Who’s in Charge?

I have been meditating on this photo (off and on) for two days now.

Two of my three sons, working together to clear the fallen cherry tree from my backdoor. I have a caption for it, “Hey! I thought you said I could drive.”

I have no deep thought to share here today.  I’m a bit of a mess right now, and typing this makes it real. My dog Jesse bit the neighbor on Tuesday, drew blood. Then she went after another neighbor walking by last night, just grabbed the hem of his shorts, but still. She’s older, she’s a Border Collie, she’s a fear biter with a herding instinct and control issues.

I don’t feel she is a danger around my family and her known friends. But, if I’m really honest with myself, I probably just block the thought of it out of my mind. I don’t really trust her with my 7 year old granddaughter and I certainly didn’t trust her with my infant grandson, I locked her away the whole time.

I feel like a terrible failure.

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~ by Kimberly Mason on August 6, 2010.

5 Responses to “Who’s in Charge?”

  1. Oh Kim – I’m so sorry. I don’t really know anything about owning a dog – training them or otherwise. It’s possible that she can be trained at this late date, but I don’t really know.

    Since I don’t have anything to offer I’ll just send you a hug.

  2. It’s ok to keep her away from the kids for everyone’s sake. Fear biters react in stressful circumstances and kids are unpredictable and stressful. If she is seeming increasingly anxious talk to your vet. There is medication to reduce anxiety in dogs.

  3. Many years ago we had a dog that was a terrier mix. Our house was an older one, with a very closed floor plan; when I was in the kitchen, I had no access to see anything going on in the other rooms. My unsteady on their feet toddler children apparently went to pet the dog, who was “in a cave” under the dining room table, and the dog snapped at my son’s face, drawing blood and giving him a black eye. I know why the dog did it, and I understand it was animal fear behavior. My kids, however, were more important than my dog — even if that dog had been a wonderful pet for many years. I made a heartbreaking decision, but it was one I had to make. Never being able to trust that dog around my children just wasn’t an option.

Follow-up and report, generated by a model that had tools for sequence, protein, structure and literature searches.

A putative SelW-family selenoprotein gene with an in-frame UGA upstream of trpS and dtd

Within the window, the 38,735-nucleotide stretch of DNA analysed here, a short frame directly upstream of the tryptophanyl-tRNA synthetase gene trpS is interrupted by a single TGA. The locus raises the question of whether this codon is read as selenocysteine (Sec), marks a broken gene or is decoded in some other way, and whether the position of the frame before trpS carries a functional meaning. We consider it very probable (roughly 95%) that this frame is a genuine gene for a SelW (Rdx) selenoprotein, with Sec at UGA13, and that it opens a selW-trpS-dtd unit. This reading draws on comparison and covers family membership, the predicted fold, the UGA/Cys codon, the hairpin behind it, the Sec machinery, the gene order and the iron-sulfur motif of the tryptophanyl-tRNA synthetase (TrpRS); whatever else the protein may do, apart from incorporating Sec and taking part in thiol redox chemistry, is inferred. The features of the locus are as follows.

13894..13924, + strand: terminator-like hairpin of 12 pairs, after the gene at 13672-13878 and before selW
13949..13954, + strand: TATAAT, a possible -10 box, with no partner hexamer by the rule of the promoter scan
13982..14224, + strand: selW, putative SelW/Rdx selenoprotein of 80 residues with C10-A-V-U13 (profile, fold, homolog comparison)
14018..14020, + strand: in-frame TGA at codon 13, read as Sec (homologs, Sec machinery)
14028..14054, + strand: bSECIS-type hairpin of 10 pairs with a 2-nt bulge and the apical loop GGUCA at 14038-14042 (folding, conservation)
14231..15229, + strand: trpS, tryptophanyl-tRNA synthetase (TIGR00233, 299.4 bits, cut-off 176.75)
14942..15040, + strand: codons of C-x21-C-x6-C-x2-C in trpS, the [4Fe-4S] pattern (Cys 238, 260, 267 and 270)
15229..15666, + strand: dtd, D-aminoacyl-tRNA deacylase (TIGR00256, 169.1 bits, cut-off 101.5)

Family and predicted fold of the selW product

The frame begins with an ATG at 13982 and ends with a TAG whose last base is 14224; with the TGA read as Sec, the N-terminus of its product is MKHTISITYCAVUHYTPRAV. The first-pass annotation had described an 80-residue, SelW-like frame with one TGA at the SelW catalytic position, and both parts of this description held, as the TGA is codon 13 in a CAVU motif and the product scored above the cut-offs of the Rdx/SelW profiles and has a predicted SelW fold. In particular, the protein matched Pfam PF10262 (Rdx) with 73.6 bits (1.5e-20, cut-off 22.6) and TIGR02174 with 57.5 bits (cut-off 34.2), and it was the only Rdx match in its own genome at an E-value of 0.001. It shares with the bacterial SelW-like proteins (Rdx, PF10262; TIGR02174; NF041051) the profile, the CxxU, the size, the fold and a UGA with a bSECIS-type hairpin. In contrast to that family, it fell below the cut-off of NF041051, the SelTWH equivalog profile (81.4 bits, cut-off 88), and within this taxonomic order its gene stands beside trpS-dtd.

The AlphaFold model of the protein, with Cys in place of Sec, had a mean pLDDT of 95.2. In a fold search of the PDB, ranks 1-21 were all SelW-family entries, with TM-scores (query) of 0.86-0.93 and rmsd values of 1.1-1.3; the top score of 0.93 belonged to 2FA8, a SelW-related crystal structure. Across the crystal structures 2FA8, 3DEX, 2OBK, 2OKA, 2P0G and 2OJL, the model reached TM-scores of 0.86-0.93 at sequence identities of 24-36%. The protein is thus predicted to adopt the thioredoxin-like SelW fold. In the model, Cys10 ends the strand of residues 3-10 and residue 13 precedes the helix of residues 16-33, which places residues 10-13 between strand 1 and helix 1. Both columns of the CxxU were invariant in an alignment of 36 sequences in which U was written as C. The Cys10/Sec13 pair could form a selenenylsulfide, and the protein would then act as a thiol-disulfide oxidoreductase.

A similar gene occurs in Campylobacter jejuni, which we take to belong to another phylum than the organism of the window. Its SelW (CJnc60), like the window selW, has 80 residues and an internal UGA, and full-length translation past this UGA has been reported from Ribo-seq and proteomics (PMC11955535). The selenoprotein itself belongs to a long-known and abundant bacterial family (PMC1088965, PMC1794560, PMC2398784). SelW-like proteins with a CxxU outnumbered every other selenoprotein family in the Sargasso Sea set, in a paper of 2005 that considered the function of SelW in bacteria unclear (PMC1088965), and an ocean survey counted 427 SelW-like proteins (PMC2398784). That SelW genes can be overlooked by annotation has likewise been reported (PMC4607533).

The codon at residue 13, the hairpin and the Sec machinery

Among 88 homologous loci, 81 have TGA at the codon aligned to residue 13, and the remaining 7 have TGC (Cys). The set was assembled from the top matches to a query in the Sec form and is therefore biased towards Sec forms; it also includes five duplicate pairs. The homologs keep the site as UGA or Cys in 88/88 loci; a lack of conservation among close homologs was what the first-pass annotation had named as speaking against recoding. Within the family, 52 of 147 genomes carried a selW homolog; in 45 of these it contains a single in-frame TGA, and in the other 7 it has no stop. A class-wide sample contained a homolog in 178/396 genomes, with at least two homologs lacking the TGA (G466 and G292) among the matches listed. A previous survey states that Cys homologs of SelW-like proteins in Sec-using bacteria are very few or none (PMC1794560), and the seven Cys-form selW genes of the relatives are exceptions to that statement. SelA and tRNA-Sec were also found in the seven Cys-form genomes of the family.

4. Okay, first of all, repeat after me, “I AM NOT A FAILURE!” After having trained several good dogs, I have now lived with a difficult dog for several years (three obedience classes and nothing to show for it) and I get that some dogs just don’t seem to be able to play by our rules. We hang onto them as long as we can and do what we can to civilize them, but it’s NOT OUR FAULT if the training just doesn’t take.

    I hope the meds work, but if they don’t, I think you’ll have a very difficult choice to face — assuming neither of these neighbors sues you or reports you to the police. A biter is a pretty serious potential liability: you’re not just protecting your neighbors and your grandchildren; you’d be protecting your finances as well… Good luck with this.

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